“Why do we have to train them to use Revit?” a project manager asked me recently. Why do firms consider it their responsibility to train their staff in programs they should already know? It’s a question I hear fairly often. After all, it is reasoned, you wouldn’t hire a carpenter if you had to teach them to hold a hammer.
But BIM isn’t a hammer and programs like Revit are not tools with just a single purpose.
Not too long ago, the industry went through a paradigm shift. The rise of the computer brought with it the ability to switch from traditional drafting to CAD drafting; the efficiency and accuracy it afforded was too great not to take advantage of. But as with any major change, there were significant challenges. Existing staff had the wisdom that comes with industry expertise, but lacked technological prowess; younger hires knew their way around a computer, but didn’t have the advantages afforded by experience.
To keep things balanced, firms worked hard to embrace the changes and update the skills of their current staff. Since then, training has evolved from a response to a problem to a habitual practice to an all-but requirement. Training is now a commonplace practice – something seen by many as a problem. These individuals believe that potential employees should learn their craft, and the tools to facilitate that craft, of their own accord. Candidates for employment should have the needed skills and not expect “on the job training.”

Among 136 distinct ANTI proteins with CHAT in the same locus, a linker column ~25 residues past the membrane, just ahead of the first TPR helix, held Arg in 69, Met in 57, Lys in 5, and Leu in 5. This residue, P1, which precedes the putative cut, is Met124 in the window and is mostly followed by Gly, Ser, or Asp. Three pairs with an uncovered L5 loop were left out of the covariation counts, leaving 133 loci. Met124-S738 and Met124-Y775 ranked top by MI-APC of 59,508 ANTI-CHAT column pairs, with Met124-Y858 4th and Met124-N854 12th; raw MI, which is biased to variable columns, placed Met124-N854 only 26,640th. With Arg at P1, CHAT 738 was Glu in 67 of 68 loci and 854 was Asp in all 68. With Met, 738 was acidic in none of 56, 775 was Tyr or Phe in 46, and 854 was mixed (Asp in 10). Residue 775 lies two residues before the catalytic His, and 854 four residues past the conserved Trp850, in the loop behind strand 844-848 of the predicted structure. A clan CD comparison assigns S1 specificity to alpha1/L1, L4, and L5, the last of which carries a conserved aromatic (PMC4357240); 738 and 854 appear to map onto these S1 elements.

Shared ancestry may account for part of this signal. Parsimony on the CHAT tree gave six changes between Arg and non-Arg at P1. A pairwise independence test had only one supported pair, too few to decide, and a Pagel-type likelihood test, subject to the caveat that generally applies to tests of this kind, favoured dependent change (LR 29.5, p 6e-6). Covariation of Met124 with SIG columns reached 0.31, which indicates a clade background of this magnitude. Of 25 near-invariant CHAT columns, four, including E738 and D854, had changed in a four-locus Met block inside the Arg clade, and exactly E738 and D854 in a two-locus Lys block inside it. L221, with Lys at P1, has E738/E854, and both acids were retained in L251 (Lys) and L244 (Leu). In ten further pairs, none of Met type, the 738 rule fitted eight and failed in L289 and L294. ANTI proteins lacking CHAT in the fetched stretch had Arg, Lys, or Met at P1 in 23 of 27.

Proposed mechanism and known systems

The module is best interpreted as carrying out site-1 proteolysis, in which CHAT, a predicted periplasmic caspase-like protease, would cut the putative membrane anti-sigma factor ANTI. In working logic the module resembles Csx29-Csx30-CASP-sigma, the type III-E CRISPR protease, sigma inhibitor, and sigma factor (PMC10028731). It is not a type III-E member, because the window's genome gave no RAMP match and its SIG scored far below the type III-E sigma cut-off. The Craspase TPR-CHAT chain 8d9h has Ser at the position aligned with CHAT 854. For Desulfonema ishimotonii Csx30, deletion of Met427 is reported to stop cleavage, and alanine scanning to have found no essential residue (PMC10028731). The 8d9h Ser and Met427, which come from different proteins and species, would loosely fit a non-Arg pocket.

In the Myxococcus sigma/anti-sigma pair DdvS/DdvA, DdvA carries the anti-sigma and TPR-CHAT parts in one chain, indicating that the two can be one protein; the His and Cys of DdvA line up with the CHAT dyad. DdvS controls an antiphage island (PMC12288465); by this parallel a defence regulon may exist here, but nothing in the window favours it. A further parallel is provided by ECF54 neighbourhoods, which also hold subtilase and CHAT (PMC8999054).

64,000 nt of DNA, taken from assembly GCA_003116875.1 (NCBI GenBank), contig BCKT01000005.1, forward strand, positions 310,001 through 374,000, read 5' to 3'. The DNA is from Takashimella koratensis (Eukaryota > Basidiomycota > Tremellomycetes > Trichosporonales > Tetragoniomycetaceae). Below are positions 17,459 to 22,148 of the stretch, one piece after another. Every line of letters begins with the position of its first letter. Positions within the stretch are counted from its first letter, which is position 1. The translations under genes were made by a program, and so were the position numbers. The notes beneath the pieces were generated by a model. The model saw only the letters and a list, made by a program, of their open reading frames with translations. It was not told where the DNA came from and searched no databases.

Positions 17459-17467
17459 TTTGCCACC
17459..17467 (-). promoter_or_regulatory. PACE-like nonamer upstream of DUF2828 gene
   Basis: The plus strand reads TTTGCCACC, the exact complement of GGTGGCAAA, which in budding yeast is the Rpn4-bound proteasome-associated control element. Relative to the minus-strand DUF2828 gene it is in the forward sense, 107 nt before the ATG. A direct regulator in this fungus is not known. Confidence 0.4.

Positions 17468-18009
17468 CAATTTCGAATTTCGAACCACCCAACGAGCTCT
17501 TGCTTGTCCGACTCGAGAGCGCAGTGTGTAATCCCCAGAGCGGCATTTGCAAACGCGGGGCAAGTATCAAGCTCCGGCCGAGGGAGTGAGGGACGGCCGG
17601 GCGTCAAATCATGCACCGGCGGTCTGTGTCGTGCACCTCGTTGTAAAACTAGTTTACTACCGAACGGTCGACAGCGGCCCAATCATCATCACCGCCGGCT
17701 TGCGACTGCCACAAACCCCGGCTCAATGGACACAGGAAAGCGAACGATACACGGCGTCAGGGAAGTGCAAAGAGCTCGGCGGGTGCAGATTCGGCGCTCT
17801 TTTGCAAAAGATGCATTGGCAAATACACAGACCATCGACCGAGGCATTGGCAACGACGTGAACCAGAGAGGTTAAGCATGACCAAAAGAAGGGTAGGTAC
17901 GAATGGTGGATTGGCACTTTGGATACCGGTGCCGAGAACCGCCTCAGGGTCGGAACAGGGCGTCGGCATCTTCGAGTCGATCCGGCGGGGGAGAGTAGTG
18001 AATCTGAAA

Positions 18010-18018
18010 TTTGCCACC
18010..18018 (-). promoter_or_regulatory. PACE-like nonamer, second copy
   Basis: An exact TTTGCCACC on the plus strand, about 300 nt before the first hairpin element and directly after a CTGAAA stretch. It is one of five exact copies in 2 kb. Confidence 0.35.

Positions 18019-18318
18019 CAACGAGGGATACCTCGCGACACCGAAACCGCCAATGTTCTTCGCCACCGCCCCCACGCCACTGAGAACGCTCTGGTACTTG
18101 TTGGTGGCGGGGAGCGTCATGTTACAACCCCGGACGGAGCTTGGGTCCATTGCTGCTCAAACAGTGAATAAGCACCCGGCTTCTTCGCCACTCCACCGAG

But that’s if you look at training as a one-off activity. I would argue that what we really should be teaching is the idea of BIM as a process. Revit and other software are the tools to facilitate that process and which can be learned independently of the process.
It’s the process that can be uniquely crafted to differentiate the performance of the project, and the process is guided by people. In other words, people facilitate process.
Until robots take over and Autodesk automates architecture, the practice of architecture requires a person to be involved in the creation of buildings. Therefore, people are at the heart of the process. Taking the time to design that process, convey that process and maintain that process is key to project success.
So while BIM and its related tools and methodologies can be learned, what’s most important is how people use them for a specific project, firm or client.
If we want to be smarter about BIM we need to put effort into the people and processes that facilitate it and not just rely on training alone.
Michael Ramsay is the Digital Design Leader at HDR